Always try to deliver backstory in the most economical way.

In the same film, some of the backstory is revealed through Landa’s sinister, if well-mannered, speculation, interlaced with subtle threats to the dairy farmer’s family, that he suspects Perrier LaPadite of hiding a Jewish family under the floorboards of his farm house. The dialogue, therefore, does double duty: 1. It reveals the reason Landa is interrogating LaPadite—he is aware of the French dairy farmer’s sympathies for his one-time Jewish neighbours. 2. It increases our suspense because the backstory becomes an indispensable part of the interrogation with an immediate threat to the farmer and his family.

Seamless Blending

Backstory blends seamlessly into the tale when it surreptitiously manages to drive the plot forward—as in the above example—rather than halting it In order to reveal background information. Because it becomes part of the forward thrust, there is no interruption to the story’s relentless march towards the climax. Interest and tension is actively maintained.

Summary

Backstory works best when it helps, rather than impedes, the forward-thrust of the plot. The three principles mentioned above provide a useful checklist in this regard.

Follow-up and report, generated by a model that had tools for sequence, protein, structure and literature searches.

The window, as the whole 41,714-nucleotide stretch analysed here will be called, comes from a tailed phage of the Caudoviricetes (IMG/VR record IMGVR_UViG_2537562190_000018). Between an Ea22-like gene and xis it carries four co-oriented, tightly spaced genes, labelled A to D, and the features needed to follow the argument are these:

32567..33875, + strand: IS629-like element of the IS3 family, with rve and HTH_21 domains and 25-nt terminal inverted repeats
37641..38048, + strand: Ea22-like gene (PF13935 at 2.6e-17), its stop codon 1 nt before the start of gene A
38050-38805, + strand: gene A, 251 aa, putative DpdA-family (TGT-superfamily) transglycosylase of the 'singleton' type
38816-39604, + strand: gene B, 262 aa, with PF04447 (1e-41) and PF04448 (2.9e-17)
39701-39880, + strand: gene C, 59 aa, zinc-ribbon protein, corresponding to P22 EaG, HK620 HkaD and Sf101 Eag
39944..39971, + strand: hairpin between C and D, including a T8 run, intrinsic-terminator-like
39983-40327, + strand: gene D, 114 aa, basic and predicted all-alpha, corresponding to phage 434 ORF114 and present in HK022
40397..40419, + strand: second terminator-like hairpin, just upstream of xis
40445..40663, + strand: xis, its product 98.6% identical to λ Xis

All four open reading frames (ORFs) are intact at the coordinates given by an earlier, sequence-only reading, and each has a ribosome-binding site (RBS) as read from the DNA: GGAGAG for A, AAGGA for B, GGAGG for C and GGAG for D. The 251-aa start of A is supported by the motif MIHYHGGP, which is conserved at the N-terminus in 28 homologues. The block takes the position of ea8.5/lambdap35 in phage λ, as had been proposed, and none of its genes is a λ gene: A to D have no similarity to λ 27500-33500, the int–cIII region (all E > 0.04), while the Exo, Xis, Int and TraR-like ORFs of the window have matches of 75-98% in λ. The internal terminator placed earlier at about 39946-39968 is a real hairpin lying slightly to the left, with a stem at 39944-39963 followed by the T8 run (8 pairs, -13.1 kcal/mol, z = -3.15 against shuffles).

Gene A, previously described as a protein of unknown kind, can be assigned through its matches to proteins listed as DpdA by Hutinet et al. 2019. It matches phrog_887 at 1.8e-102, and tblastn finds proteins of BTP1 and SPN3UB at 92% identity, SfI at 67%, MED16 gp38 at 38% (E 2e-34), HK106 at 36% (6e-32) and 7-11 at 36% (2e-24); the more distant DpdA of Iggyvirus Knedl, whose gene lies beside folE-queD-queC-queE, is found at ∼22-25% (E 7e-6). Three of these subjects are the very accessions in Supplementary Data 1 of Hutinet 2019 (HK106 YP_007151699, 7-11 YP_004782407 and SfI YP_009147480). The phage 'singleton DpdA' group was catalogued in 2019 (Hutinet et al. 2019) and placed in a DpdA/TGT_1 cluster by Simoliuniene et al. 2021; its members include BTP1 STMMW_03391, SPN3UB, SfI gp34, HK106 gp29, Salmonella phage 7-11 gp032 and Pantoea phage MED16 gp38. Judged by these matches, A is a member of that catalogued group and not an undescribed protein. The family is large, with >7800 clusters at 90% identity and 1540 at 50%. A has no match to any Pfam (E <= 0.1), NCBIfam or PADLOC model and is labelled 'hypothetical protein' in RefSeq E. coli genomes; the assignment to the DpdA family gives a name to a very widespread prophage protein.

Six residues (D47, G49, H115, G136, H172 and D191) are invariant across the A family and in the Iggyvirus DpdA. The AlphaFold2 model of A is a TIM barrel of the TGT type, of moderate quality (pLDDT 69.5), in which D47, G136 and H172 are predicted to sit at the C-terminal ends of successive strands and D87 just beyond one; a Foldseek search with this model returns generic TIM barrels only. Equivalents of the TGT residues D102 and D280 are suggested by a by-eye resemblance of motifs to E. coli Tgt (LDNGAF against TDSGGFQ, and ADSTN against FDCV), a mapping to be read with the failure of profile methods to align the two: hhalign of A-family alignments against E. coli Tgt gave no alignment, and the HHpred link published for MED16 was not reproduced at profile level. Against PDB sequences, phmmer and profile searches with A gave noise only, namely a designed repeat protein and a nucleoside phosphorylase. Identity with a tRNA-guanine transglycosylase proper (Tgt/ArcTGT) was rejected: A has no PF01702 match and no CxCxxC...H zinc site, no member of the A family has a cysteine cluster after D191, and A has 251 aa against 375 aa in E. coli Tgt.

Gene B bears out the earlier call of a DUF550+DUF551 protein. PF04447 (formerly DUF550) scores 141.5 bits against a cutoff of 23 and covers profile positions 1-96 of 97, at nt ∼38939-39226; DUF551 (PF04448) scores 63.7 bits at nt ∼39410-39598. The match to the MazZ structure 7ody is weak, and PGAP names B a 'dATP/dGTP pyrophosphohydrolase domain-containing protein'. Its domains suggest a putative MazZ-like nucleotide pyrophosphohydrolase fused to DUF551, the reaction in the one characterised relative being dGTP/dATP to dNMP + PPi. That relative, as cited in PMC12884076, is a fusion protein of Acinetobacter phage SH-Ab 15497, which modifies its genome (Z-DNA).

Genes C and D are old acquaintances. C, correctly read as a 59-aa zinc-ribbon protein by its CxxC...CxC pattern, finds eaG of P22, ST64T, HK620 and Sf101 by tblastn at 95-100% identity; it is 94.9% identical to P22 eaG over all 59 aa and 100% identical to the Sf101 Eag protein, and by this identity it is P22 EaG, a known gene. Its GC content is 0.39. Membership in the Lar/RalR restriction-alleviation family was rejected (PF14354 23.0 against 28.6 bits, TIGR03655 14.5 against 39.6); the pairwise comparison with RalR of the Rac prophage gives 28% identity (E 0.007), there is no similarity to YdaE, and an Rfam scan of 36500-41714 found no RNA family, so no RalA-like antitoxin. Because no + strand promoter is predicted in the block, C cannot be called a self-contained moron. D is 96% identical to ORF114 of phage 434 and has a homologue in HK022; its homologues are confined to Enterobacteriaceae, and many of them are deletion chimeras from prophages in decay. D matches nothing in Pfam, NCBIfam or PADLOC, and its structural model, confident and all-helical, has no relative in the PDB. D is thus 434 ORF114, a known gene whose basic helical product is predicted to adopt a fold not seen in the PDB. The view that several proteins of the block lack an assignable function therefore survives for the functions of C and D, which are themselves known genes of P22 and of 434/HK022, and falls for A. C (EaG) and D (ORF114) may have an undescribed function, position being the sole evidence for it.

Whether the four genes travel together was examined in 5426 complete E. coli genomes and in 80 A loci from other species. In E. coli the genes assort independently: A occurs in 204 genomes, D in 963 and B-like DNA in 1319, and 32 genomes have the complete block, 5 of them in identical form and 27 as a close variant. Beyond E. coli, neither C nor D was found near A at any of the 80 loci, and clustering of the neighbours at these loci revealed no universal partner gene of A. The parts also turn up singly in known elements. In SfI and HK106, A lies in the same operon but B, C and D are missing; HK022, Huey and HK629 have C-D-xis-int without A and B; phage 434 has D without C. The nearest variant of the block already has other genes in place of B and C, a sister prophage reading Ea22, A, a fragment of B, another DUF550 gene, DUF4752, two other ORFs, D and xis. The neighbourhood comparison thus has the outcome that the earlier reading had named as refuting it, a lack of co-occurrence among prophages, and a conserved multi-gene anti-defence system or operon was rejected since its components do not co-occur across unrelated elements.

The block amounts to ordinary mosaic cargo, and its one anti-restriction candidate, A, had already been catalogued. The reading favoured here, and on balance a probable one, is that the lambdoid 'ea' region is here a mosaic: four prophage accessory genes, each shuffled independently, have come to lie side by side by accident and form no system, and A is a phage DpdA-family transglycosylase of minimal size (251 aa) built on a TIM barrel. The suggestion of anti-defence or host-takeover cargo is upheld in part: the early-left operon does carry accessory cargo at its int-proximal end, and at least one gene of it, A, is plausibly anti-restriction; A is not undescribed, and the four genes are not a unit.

How to Write a Log-Line

Logs arranged in a square

Log-lines

In his book, Screenwriting, Raymond G Frensham defines a log-line as a “short, pithy slogan you see on a film poster that captures, at an emotional level, what it’s about, or the kind of short description billings used in weekly TV guides.” The purpose of a log-line is to attract an audience by creating the right expectation in agents, producers, and the audience. Although usually written last, as part of the marketing strategy, your coming up with a log-line prior to starting your story will help you to focus on the main through-line of your tale. Although log-lines, also known as strap-lines, primarily refer to film projects, their functionality can be applied to stories of any format, such as the paperback or kindle novel.

Two Key Elements

Log-lines consist of two key elements: a repeating formal sentence structure and an element of contrast. The following examples, taken from successful movies, demonstrate the effective use of these elements:

‘Honour made him a man.
Courage made him a hero.
History made him a legend.’ Rob Roy

‘Imagine if you had three wishes, three hopes,
three dreams,,,and they all came true.’ Aladdin

‘Someone said “Get a life” – so they did.’ Thelma And Louise

‘This is Benjamin…He’s a little worried about his future.’ The Graduate

‘A story of Love Laughter and the Pursuit of Matrimony.’ Muriel’s Wedding

‘Don’t breathe. Don’t look back. The Dark Side of Nature.’ Twister

‘Everything is Suspect. Everyone for Sale. Nothing is what it seems.’ L.A. Confidential

Summary

Log-lines contain two key features—formal repetition and contrast. Log-lines are used for marketing purposes but they are also useful, if conceived early, as indicators of your story’s through-line.

Invitation